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Wednesday, October 16, 2013

Victor Sjöstrom | The Scarlet Letter


undoing the past
by Douglas Messerli
 
Frances Marion (writer and titles, based on the novel by Nathaniel Hawthorne), Victor Sjöstrom (director) The Scarlet Letter / 1926

 


Swedish director Victor Sjöstrom’s film adaptation of  Hawthorne’s The Scarlet Letter, made during the director’s short “Hollywood” period, is surely one of his best films, and perhaps the most powerful performance ever of its central actor, Lillian Gish. By comparison to this silent work, Gish’s work in the 1930 talkie I watched immediately after viewing this film on TCM, One Romantic Night, seemed somewhat bland and unexpressive. Not so in The Scarlet Letter in which Gish, quite literally, lets her beautiful hair down several times, particularly early in the film when she goes rushing into the woods after her escaped bird. This series of events is beautifully filmed by Sjöstrom and his cinematographer Hendrik Sartov, as his camera fluidly tracks the beautiful young woman dressed all in white—as opposed to the church-going Puritans, clad mostly in black—saying almost everything that needs to be said about this oppressive culture, where even allowing a bird to sing on the Sabbath, let alone running and chasing after it, is deeply forbidden—as if joy and beauty were an anathema to God.

      In the closed and claustrophobic world of Sjöstrom’s Boston, nothing can be hidden from the sight of nosy and viciously gossiping neighbors such as Mistress Hibbins (Marcelle Corday); and punishment for the young steamstress’ transgressions immediately follows, ordered by the elders. It is not enough that she be brought before the kinder church minister, The Reverend Arthur Dimmesdale (played by the striking Swedish actor Lars Hanson) to be scolded before the entire community, but the now seemingly innocent act puts Hester Prynne in the pillories for her “crime.” As Dimmesdale tenderly releases her from her bodily imprisonment, he is struck by her beauty, which follows, soon after, with a quite steamy love scene, again played in the woods.

     Unlike in Hawthorne’s tale, accordingly, where we only gradually discover the intense sexual relationship between the minister and Hester, here everything is established from the beginning. And the director makes clear from the very first scenes that the hugs and touches between these two beautiful beings is against not only community norms but law, as soon after, we observe the comical wooing of the work’s dunce-like Master Giles of a young woman wherein they are forced to speak to one another over a table through a long tube-like device that keeps them worlds apart. A quick, stolen goodbye kiss, ends in Giles being ousted not only from the house but from his would-be lover’s life.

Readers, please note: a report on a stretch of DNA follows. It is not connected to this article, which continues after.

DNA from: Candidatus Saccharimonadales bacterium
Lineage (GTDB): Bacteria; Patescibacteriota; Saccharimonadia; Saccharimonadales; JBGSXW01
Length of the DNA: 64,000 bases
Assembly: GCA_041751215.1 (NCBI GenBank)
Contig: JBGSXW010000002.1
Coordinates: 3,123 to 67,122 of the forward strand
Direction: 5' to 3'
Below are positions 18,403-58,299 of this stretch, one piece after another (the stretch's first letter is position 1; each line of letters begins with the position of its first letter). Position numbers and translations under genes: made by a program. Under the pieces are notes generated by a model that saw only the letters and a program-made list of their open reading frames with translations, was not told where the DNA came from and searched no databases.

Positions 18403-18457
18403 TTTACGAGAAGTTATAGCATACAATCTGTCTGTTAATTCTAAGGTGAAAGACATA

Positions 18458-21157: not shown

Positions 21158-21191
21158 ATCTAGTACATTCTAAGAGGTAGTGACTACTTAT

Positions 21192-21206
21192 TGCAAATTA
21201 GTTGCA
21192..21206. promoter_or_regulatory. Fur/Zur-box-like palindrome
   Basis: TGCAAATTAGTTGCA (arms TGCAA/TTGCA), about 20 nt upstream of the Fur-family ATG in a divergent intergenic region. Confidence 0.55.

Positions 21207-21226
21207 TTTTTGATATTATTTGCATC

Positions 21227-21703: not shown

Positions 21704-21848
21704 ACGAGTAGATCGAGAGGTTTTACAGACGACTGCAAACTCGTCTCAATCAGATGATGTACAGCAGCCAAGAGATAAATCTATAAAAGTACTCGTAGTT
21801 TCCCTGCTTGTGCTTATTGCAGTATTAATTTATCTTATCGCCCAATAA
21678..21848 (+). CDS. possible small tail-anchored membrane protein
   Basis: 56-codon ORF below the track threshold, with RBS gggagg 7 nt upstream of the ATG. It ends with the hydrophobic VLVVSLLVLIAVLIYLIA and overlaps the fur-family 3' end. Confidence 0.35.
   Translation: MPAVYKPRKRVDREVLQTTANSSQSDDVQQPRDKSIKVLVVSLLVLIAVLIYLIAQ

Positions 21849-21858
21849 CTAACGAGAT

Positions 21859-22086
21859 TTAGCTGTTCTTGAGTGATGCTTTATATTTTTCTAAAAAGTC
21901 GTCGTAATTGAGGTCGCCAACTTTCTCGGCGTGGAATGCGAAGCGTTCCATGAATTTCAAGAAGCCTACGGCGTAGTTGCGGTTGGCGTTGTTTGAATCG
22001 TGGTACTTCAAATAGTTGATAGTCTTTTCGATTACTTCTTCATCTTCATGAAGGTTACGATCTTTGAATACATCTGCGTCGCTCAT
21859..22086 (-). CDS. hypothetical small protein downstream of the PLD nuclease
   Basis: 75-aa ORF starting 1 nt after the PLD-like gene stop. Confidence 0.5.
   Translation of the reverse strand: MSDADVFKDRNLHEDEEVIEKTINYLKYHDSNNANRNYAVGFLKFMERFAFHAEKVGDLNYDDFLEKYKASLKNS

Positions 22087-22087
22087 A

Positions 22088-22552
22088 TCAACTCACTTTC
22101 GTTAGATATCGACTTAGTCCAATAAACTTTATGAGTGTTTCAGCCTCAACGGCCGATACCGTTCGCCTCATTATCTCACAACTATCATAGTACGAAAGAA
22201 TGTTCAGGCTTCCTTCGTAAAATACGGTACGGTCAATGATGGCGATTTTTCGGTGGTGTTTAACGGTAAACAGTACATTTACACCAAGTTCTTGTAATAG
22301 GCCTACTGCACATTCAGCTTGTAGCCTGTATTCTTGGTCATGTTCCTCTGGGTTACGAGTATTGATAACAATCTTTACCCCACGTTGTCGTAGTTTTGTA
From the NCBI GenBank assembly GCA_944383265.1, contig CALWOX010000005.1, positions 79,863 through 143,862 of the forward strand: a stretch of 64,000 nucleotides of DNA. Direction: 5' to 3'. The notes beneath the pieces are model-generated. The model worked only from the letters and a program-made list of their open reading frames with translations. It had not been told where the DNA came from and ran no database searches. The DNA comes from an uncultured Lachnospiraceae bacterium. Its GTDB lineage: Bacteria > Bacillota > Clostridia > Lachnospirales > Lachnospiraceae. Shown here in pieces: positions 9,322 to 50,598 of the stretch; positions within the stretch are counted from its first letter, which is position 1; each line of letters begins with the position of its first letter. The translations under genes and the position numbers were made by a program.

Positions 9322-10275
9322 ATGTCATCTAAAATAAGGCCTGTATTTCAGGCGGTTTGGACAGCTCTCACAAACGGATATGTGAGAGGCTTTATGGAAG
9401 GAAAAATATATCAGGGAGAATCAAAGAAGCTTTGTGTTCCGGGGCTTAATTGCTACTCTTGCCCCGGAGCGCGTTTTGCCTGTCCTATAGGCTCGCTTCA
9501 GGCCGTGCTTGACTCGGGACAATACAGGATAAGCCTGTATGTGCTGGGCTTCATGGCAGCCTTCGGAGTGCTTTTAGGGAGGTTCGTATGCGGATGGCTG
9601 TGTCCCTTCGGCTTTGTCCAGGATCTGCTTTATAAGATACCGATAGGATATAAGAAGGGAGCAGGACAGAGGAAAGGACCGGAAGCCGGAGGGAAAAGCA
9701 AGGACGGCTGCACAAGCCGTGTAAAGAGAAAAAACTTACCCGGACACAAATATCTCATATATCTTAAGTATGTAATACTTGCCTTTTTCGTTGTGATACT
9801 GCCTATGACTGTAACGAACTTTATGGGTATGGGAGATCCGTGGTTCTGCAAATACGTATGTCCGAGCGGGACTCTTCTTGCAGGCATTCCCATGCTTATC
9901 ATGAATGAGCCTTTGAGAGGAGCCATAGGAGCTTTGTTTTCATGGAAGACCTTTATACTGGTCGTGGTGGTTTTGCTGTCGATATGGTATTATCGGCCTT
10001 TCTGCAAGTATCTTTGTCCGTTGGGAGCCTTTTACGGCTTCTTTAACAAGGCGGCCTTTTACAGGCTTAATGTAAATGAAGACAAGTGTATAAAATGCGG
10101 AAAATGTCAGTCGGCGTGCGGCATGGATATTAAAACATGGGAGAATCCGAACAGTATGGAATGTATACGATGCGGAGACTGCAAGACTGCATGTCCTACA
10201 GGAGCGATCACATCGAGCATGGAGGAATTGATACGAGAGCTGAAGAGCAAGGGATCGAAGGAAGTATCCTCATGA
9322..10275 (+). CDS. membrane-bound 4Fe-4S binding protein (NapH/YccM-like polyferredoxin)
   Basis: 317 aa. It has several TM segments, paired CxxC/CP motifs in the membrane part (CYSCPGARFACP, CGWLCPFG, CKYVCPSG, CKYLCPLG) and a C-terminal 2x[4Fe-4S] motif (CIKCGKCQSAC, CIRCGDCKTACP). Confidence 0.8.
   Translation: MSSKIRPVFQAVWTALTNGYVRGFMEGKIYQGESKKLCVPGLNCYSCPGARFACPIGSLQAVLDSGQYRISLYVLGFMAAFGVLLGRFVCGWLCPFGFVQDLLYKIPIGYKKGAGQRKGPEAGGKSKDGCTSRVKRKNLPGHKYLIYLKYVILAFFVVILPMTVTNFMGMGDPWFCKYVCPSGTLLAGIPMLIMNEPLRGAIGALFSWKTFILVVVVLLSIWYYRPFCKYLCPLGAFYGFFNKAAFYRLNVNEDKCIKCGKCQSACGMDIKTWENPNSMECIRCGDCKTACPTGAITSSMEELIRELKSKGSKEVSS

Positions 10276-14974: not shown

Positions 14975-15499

In Hawthorne the gradual discovery of the relationship between Dimmesdale and Hester reiterates his and the community’s hypocrisy. But here (in reality, Hanson speaking in Swedish, Gish in English) we are presented with the background events of Dimmesdale’s later “treason,” which create a far deeper sense of sympathy for both the minister and Hester. Here we see both her own flirtations and demurrals as well as the powerful forces of love emanating from the Reverend. As Hester states the obvious, they live in a world that is “afraid of love,” a community terrorized by even the vision of women’s undergarments.

     If that leads us to more fully sympathize equally with Dimmesdale, the director further allows us feel the extreme tensions that the two feel even before Hester’s adultery is revealed through the birth of young daughter, Pearl. Dimmesdale desperately desires to marry this woman—which would have saved their lives—but it is Hester who is most responsible for the situation, not through her sexual responses, but through her lies, through the fact that she has not revealed her marriage to Roger Chillingworth until Dimmesdale is about to leave the country on a mission to the English King. Hester’s crime and punishment, accordingly, is not correctly perceived by the vengeful and cruel community: hers is not a crime passion or wonton sexuality, as much as it is that she, just like most in this community, is unable to face the truth, fearful of losing what she has attained—in her case, the love of Dimmesdale. In short, although she is publically humiliated for her aberrant behavior, she is, in fact, one of them, and like them, desperate to hide the truth.